Oh… Its Just Another Waterfall

When one talks about Iceland and points of interest, one must speak about waterfalls. Iceland has around 120 well known, named waterfalls… and thousands of smaller ones that are located on the river gorges,lava fields and underground springs falling over huge basalt cliffs. Some seem to come right out of the ground, others are the product of meandering streams and huge rivers.

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Throughout creation, water has been one of the biggest natural forces on our little blue ball. Iceland has one of the biggest concentrations of these powerful wonders. In Iceland a waterfall is called a “foss”. They range from small wispy ribbons of water, to raging rock crushing torrents. Some cascade peacefully over the basalt and disappear deep into a crevasse, others thunder over tall cliff faces waging war with boulders and flame colored rock. Every year new waterfalls spring up from glacier melt and highland snowmelt

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The Gullfoss is the best known and most visited falls, located on The Golden Circle Road. Glymur is the tallest named falls (122 meters) and can’t be seen without a pretty strenuous hike. The list goes on and on. Each new waterfall has its own character. Each plays a vital roll in the ever changing landscape of this little island known as Iceland.

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Icelandic Horses: A Breed of Its Own

A small island deserves a small horse! The Icelandic ponies are actually horses. Though short in stature, usually between 13 and 15 hands, they are registered by breeders as a horse. This small horse is a very hardy breed and suffer from far less diseases than a mainland horse. The law does not let these small guys to be exported and no other breeds to be imported. If one ever were to leave the island, they are never allowed to return, ensuring the purity of this majestic breed.

The Icelandic horse has even been a focal point in many Norse Myths. They were thought to be a symbol of fertility so they often were sacrificed by early Norse settlers. The horses were revered by warriors during the Medieval period and were often made to fight each other for breeding rights. A warrior killed in battle would often be sent to Valhalla with his Nobel Steed by his side.

Natural selection often played a role in these stallions lives. In the early medieval times the horses would starve or succumb to the brutal winter winds and cold. Exposure to the elements, notwithstanding volcanic eruptions, famine and sacrifice, often became the end to whole herds. The breed was once thought descendent from the Shetland, Faroe Pony and the Norwegian Fjord horse. In the early 9th century, the Icelandic Parliament prohibited the inbreeding of outside horses. This act in 992 AD lead eventually to a pure breed. For over 1,000 years the Icelandic horse has been a pure breed.

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The characteristic flowing mane, short legs, well proportioned head, incredible weight bearing capacities, muscular shoulders and slightly sloping long backs, make this an incredibly valuable prized possession. The breed has an average life span of 30 good years, with recorded life spans of over 50 years. They are known for having two distinctive gaits, the Tölt, which is a four beat stride good for comfortably covering great distances at explosive accelerations. The second is called flugskeið or “flying pace”. This is a fast and smooth gait used to pace the horse during a race. This is mostly used for short bursts but not a long distance run. An amazing breed indeed.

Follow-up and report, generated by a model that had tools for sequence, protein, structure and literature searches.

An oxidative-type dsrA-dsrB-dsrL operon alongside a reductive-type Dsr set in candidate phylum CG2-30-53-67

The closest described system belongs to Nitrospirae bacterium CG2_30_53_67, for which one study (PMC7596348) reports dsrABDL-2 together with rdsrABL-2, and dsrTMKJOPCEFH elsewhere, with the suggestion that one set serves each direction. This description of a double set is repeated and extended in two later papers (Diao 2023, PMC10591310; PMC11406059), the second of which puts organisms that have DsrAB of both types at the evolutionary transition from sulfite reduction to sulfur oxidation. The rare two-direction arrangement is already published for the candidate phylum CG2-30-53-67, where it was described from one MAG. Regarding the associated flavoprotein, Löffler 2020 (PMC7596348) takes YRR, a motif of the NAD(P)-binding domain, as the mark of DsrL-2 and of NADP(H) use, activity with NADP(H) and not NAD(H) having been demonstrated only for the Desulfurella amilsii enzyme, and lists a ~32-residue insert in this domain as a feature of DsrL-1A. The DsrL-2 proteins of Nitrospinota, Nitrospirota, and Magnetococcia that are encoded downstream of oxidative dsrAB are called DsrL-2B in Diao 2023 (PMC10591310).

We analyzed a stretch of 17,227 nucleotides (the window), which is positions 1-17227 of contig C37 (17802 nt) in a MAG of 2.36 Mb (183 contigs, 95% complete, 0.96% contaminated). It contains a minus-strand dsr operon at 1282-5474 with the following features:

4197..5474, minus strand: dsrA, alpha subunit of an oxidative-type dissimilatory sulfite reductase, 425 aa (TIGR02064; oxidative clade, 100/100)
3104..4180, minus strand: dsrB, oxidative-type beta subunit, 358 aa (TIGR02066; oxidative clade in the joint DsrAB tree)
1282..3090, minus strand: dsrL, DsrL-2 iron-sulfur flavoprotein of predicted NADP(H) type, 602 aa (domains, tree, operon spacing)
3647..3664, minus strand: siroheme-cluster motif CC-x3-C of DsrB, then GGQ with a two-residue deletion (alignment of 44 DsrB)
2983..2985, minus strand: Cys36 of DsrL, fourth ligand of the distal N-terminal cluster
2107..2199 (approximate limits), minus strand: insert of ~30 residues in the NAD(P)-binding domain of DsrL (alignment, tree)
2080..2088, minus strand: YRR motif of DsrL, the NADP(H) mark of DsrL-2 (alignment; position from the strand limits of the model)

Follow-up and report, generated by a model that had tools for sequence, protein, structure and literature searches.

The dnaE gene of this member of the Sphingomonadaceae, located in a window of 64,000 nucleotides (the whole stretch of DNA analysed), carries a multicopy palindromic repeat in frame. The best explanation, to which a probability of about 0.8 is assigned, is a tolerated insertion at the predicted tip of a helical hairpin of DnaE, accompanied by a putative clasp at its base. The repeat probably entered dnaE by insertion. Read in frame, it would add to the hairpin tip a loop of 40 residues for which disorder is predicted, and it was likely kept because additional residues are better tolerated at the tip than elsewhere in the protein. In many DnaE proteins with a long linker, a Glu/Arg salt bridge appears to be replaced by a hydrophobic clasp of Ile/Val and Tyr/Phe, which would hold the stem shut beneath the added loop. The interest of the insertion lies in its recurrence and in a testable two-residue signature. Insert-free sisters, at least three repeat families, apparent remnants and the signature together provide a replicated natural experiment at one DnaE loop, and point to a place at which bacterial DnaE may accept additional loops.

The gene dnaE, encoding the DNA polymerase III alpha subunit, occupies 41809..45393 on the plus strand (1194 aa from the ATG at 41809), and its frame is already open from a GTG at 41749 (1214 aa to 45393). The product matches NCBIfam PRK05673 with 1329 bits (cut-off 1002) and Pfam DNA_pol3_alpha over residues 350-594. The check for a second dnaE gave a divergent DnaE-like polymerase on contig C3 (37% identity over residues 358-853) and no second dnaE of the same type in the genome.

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A trip on the back of an Icelandic is a great way to explore the terrain of Iceland. The horse is sure-footed and fearless, yet comfortable to ride, even for the beginner. There are numerous farms that offer guests this pleasurable past time. There is nothing like getting up into the wilds of the highlands on the back of one of these majestic steeds.

When in Iceland, search out a farm offering tours and ride one of these wild and adventurous horses. These are treasured companions and loyal servants. They have earned their place in the past and future of Iceland.

 

Iceland: History, Myths and Fairytales

Back in 1970 a famous band sang a song about Iceland. Got it? Yep LED Zeppelin wrote:
We come from the land of the ice and snow,
From the midnight sun where the hot springs flow.

Hammer of the gods will drive our ships to new land.
To fight the hordes and sing, and cry.
Valhalla, I am coming. LZ

This song congers up visions of volcanoes, geysers , great fields of glaciers etching their way through the lava fields, and great crashing waves. A land that the Vikings called home.

Iceland was named to deter outsiders from coming to this volatile, lush and a very temperate and tectonically active land. It’s counterpart Greenland is actually covered with more ice and snow than is Iceland.

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Considering Iceland’s history began pre 1000 AD, and was a lawless land of Vikings and later Norwegians looking for new lands, it is noted for one of the first parliaments and one of the worlds oldest functioning legislative assemblies. Pretty good for an island of just under 40,000 square miles.

Around the tenth century, the christians came to the island. By the twelfth century its Commonwealth dissolved and it was drawn into the Nordic Union then by the fifteenth century it fell under Danish rule. In the sixteenth and seventeenth century the island fell into a combination of hardships, poverty and natural disasters. By the end of the First World War, Iceland finally gained sovereignty yet remained under Danish Monarchy until, WWII. It was a neutral state in WWII but was peacefully occupied by British forces to stop a Nazi occupation.

In the twentieth century it succumbed to the financial troubles of the European economy even though it stayed out of the European Union. Iceland was a founding member of both the United Nations and the North Atlantic Trade Organization. Its economy grew rapidly largely through fishing, although this was marred by conflicts with other nations.

Ok enough of the history lesson… the island of Iceland is home to the meeting point of the European and North Atlantic tectonic plates. It is home to 130 volcanoes, of which 60-70 are still active. It is a land in progress. It has the ability to wipe out most of its population. On average it records 100 tremors a day. It is home to the worlds youngest island, Surtsey, which took just under three years to form from a series of underwater volcanic eruptions. It has become a Petri dish for scientist to study how life evolves from primordial events.